Part of Advances in Neural Information Processing Systems 26 (NIPS 2013)
David J. Weiss, Ben Taskar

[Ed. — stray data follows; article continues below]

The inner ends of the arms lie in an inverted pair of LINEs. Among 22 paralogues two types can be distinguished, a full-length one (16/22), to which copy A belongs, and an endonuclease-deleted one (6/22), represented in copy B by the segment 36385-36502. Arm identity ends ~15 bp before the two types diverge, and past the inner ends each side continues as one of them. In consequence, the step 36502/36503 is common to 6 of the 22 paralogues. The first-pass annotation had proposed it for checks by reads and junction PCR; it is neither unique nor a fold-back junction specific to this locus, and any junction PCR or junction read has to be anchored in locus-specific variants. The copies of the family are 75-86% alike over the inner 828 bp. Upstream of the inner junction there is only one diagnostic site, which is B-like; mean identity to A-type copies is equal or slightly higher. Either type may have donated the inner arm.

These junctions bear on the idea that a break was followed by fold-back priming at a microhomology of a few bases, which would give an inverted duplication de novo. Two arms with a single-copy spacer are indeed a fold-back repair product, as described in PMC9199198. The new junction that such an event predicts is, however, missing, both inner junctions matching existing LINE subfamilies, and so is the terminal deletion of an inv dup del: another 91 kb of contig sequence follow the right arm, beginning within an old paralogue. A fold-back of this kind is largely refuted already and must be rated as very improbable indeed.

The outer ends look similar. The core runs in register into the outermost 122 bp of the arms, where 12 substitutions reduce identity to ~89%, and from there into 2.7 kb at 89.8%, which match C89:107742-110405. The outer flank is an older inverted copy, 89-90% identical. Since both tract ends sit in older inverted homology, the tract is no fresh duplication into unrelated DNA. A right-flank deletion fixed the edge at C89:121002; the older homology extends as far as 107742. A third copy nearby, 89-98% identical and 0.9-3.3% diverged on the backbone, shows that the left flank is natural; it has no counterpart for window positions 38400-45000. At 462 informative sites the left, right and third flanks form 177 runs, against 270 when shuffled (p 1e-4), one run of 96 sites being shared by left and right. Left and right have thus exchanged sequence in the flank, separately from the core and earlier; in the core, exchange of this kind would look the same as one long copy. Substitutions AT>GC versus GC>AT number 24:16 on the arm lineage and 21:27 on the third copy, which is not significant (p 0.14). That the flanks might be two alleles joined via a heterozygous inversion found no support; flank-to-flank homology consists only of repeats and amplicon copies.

Discriminative methods for learning structured models have enabled wide-spread use of very rich feature representations. However, the computational cost of feature extraction is prohibitive for large-scale or time-sensitive applications, often dominating the cost of inference in the models. Significant efforts have been devoted to sparsity-based model selection to decrease this cost. Such feature selection methods control computation statically and miss the opportunity to fine-tune feature extraction to each input at run-time. We address the key challenge of learning to control fine-grained feature extraction adaptively, exploiting non-homogeneity of the data. We propose an architecture that uses a rich feedback loop between extraction and prediction. The run-time control policy is learned using efficient value-function approximation, which adaptively determines the value of information of features at the level of individual variables for each input. We demonstrate significant speedups over state-of-the-art methods on two challenging datasets. For articulated pose estimation in video, we achieve a more accurate state-of-the-art model that is simultaneously 4$\times$ faster while using only a small fraction of possible features, with similar results on an OCR task.